Peak of destruction

When the 8.8 magnitude earthquake struck Feb. 28 off the coast of Chile, Ashland couple Doug Hoxmeier and Christy Sinclair were close enough to get shaken up themselves while on a trek in the Andes Mountains.

The two had come down from a mountain hike in Argentina just across the border from Chile the day before the quake. They were in bed in a hostel set in a steep canyon in Aconcague Provincial Park when the first quake hit at 3:34 a.m. local time.

"The bed was just rocking and we heard boulders crashing down," Hoxmeier said. "It was not someplace you want to be during an earthquake."

In the morning the pair came out of the hostel into an altered landscape. The steep valley was filled with dust and fallen boulders and rockslides were evident in the area.

Hoxmeier and Sinclair, who have lived in Ashland since 1973, left for Chile on Feb. 21 to trek up Mount Aconcague, which at 22,841 feet is the highest peak in the Americas. Aconcague is about 50 miles north east of Chile's Capital Santiago, which is about 100 miles northeast of the epicenter of the quake.

Hoxmeier in recent years has become increasingly interested in mountain climbing and has topped many local peaks, including Mount Shasta and Mount McLoughlin. Sinclair also enjoys a good hike, though she's not as excited about the rugged, steep mountain type.

While they were far from the urban destruction in the more populated areas of Chile, Hoxmeier and Sinclair saw evacuated, damaged buildings all around and a military presence on roads, cities and airports that made them very aware that they were far from home and on their own in a disaster area.

"It's very weird being in a city with no lights," Sinclair said. "But people were keeping calm."

It might have been worse for the two if they had not come down from the mountain early and had been there when the quake hit. Hoxmeier had hoped to climb the mountain and had been pushing forward, but at the same time he had a growing concern.

"I had a premonition that something was going to happen," he said.

His worries were heightened when he witnessed an avalanche on the mountain, followed later by helicopters taking other altitude-sickened hikers off the mountain in an unrelated incident. He decided to follow his gut and the two climbed down.

"I think we were lucky to get off when we did," Sinclair said.

After the quake, their plans changed quickly. Some areas they were going to visit were off limits and dangerous, so they diverted to the city of Viña del Mar. The city was almost a ghost town, and the couple counted at least 30 evacuated buildings. While there, the couple met a local woman named Victoria whose home had been damaged by the quake. Hoxmeier and Sinclair helped the woman clean her place, set up furniture and get her somewhat back on her feet. But they're aware it was a drop in the bucket when set against the larger disaster.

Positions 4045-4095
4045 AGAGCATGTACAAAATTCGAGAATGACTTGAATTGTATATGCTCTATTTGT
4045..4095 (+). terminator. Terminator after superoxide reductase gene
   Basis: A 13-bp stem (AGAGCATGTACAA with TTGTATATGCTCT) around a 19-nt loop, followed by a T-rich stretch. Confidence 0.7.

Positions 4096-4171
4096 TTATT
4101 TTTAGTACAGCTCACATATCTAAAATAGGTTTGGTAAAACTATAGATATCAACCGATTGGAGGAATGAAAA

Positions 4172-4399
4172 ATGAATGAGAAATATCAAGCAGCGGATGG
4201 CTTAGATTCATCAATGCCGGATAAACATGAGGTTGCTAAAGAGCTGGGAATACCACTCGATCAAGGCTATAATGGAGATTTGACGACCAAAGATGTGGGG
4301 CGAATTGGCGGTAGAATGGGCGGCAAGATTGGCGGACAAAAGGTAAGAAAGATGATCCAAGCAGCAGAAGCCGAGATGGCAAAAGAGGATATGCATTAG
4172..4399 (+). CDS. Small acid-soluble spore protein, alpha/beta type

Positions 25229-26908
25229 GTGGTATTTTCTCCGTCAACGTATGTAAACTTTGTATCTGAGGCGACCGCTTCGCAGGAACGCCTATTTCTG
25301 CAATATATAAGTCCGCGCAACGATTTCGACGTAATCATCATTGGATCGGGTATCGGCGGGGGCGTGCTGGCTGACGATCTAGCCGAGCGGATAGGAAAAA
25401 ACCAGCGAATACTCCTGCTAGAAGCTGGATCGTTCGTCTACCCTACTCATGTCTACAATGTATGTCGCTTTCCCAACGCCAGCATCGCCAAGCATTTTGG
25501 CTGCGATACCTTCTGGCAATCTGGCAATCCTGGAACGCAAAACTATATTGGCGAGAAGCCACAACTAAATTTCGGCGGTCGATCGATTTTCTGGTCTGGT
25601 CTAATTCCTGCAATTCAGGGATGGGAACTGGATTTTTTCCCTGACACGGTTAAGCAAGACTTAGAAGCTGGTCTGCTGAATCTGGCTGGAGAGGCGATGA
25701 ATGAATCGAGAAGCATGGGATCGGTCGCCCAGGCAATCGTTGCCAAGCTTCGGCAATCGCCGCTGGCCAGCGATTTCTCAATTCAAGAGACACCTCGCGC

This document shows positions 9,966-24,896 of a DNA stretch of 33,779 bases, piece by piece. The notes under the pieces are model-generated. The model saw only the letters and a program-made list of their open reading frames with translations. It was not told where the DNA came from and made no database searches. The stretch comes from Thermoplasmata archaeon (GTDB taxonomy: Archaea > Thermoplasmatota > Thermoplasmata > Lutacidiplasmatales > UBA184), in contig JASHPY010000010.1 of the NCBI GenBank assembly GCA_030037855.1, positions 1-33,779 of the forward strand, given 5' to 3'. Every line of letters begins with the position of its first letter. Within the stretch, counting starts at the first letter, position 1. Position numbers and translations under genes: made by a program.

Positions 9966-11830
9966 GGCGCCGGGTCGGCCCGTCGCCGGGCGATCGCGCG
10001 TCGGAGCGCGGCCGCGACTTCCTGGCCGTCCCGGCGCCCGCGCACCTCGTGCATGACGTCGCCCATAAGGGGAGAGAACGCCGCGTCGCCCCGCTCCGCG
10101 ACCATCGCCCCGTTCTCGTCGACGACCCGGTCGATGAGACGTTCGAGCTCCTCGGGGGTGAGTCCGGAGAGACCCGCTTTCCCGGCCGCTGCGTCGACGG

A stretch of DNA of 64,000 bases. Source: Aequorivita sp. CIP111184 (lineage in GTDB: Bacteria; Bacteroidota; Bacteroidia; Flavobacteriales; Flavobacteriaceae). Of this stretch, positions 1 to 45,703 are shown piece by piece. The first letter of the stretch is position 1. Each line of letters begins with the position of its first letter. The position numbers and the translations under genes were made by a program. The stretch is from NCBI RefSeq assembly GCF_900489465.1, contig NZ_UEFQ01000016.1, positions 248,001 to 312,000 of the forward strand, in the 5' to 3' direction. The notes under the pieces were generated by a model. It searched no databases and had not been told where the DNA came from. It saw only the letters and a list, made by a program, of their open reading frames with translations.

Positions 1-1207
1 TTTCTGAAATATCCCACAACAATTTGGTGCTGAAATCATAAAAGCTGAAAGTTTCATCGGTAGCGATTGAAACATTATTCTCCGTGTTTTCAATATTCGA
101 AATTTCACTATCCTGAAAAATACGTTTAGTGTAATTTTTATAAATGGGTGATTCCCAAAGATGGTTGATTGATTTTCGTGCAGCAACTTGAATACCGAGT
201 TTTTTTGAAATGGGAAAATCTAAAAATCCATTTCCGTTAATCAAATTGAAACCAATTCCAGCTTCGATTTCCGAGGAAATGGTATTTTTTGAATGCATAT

"We were not heroes," Hoxmeir said.

They also got a glimpse of what becomes important when a country's infrastructure is compromised while they were visiting a local store.

"Water and toilet paper," Hoxmeir said. "That's what everyone was buying."

Though they were far from home, the two turned out better prepared than many locals because they were already packed for camping and trekking and were essentially self-sufficient.

"When we got down and there was no electricity and no water, we were actually kind of OK," Sinclair said. "We had brought our own food, too,"

They immediately tried to return home by plane, but the airports were packed with incoming military and aid flights.

"Everybody was scrambling to get out and the airport was shut down so we couldn't fly out," Sinclair said.

They waited several days, experiencing many aftershocks, and then finally flew out on March 10.

Hoxmeier's next adventure will be closer to home. He plans to climb South Sister near Bend this summer. It's only 10,358 feet and chances of earthquakes are slim.

Myles Murphy is an editor and reporter with the Daily Tidings. Reach him at

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